State Releases Wasps To Control Emerald Ash Borer

ST. PAUL, Minn. (AP) — The Minnesota Department of Agriculture will soon release swarms of tiny wasps in five Twin Cities locations as part of an effort to slow the spread of the destructive emerald ash borer.

The MDA says the wasps don’t sting and won’t harm people or the environment. The pest control strategy, known as biocontrol, pairs an invasive pest with its natural enemies.

Biocontrol program coordinator Monika Chandler says the ash borer is native to Asia and doesn’t have a lot of natural enemies in the U.S. to keep its numbers in check.

Minnesota has confirmed infestations of the pest in Hennepin, Ramsey and Houston counties. The same wasps were released in Houston County last fall. The Twin Cities sites include Langford Park in St. Paul, as well as Tower Hill Park, sites along the East and West River Parkway in Minneapolis.

The emerald ash borer has killed millions of ash trees in 15 states. Its larvae kill ash trees by tunneling into the wood and disrupting the flow of nutrients.

(© Copyright 2011 The Associated Press. All Rights Reserved. This material may not be published, broadcast, rewritten or redistributed.)

  • Shane G

    I’m curious..what if humans never roamed the planet. Then who/what would control the Ash Borer’s and everything else? So the planet would die without humans? They were put on this earth for a reason too.

    • Geezer

      They got here by humans from asia. You are………….They were on Earth like Mosquitos too? whats their reason to live tree hugger?

  • Wow

    Yay, so we get another Asian Beetle type fix? I am so excited.

  • Carl

    There’s no shortage of WASPs in my burb.

    Praise Jebus, God hates Mother Nature, Amen.

  • Geezer

    Who brought them here hmmmm I wonder????

  • curious

    when the wasps become a problem, then what do we release to take care of them… and so on, and so on, and so on….

  • Victim Du Jour

    Up until a little kid gets hurt or killed by an angry swarm of wasps.

    They should be Teaching the public how to spot a wasp nest, and where they typically nest.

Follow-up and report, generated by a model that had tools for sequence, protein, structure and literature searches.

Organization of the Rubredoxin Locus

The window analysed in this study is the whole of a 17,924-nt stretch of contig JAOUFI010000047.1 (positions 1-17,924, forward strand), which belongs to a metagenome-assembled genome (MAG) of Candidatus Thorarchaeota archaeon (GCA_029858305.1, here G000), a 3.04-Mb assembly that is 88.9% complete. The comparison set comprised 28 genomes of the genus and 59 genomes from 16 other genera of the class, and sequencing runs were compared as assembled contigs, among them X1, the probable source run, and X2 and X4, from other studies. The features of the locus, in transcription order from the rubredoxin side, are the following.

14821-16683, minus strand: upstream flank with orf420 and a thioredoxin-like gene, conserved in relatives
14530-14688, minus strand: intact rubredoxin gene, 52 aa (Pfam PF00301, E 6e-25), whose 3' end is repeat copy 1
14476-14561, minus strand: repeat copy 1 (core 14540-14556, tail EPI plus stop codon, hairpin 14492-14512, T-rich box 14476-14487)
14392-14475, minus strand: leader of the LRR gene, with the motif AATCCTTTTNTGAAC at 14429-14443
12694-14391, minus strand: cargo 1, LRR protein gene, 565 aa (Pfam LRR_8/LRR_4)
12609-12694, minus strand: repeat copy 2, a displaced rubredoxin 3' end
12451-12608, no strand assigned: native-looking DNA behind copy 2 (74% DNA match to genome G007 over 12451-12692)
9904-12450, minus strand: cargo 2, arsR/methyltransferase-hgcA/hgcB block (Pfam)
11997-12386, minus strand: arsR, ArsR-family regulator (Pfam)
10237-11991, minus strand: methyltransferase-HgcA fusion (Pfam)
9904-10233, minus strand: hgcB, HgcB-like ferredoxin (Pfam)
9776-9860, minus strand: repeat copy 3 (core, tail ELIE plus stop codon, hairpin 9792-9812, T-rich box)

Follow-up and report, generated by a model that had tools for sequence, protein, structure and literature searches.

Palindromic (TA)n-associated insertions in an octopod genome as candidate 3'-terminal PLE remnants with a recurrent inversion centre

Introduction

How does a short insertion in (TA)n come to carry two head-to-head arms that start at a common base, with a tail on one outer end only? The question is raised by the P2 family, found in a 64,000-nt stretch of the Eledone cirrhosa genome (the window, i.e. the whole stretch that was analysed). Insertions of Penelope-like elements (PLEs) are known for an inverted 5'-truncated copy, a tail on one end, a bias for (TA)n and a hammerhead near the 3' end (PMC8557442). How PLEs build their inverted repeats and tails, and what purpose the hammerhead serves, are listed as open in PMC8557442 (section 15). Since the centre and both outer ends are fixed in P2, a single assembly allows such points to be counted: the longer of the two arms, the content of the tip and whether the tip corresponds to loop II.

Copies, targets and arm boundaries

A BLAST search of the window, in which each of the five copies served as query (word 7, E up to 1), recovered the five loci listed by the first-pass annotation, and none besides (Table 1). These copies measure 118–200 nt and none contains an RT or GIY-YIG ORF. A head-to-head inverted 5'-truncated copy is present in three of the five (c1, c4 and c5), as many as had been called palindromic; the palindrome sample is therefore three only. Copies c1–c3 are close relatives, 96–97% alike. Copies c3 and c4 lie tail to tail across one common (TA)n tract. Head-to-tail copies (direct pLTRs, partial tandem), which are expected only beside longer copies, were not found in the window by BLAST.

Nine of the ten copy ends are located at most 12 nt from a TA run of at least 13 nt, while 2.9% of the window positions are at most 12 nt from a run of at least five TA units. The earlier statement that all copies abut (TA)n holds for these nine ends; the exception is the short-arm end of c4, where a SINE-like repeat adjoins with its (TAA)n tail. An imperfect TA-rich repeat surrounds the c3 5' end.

• jan

    The wasps they are releasing don’t sting, they only kill the ash borer. The ash tree soaks up carbon dioxide and releases oxygen, something we need to live. It also gives shade and is beautiful to look at it. Why would you not want to do everything possible to save trees? Maybe you make your living selling chain saws.

  • Sheila White

    If the was[ps don’t sting, how do they kill the ash borer? I will hug a tree with the best of y’all but I think this is a bad idea.

    • kim

      They don’t sting people. Could be they eat the larve or attack the adult insect.

  • Victim Du Jour

    Trees even look pretty in a camp fire, especially sitting next to a lake.

  • We

    The wasps are extremely aggressive and venomous and will attack anything that moves!

  • UpNorthNaturalist

    These wasps are parasites of the Emerald Ash Borer larva. Spathius agrili is a parasitic wasp in the Family Braconidae. This wasp, along with all Braconids, are incapable of stinging. They are very small, and this allows them to access the larva of the Emerald Ash Borer while they are within the tree. They are entirely harmless to anything else, really. We have many native species of these wasps, and they are very important to the health of our plant communities. Some species of these wasps are sold as biological controls for crops and gardens as well.

    The Emerald Ash Borer represents a grave threat to the forests of Minnesota, as well as the rest of North America. It is unfortunate that these invasive pests arrived on our soil in the first place, but this is simply a consequence of human behavior. Humans, from our early times to present, have brought creatures and plants with them in their travels (on accident or on purpose). It’s only now that we know the possible consequences, and can be more careful about importing life forms.

    Whether or not this introduction of the parasitic wasp brings benefits or ends up causing more trouble is yet to be seen. Hopefully these wasps will help and do no harm, but nature is always unpredictable. The consequences of the spread of the Emerald Ash Borer, however, may outweigh any unfavorable results that these wasps bring. Humans are responsible for these problems, and as such we are responsible for fixing them.

    • jeff

      coulnd’t agree more. :)

    • Us

      Lies all Lies!!!

      • UpNorthNaturalist

        I’m starting to wonder whether or not the Emerald Ash Borer can operate a computer, because SOMEONE sure doesn’t like these wasps. ^^

        • Us

          It depends on how they tast! Are they crunchy?

  • Mark from

    Why are we not using the new systemics to kill these Ash Boers? They are out there, but the EPA said no. We have the drug for deer browse and we use it, why not in this case? Poor reporting WCCO

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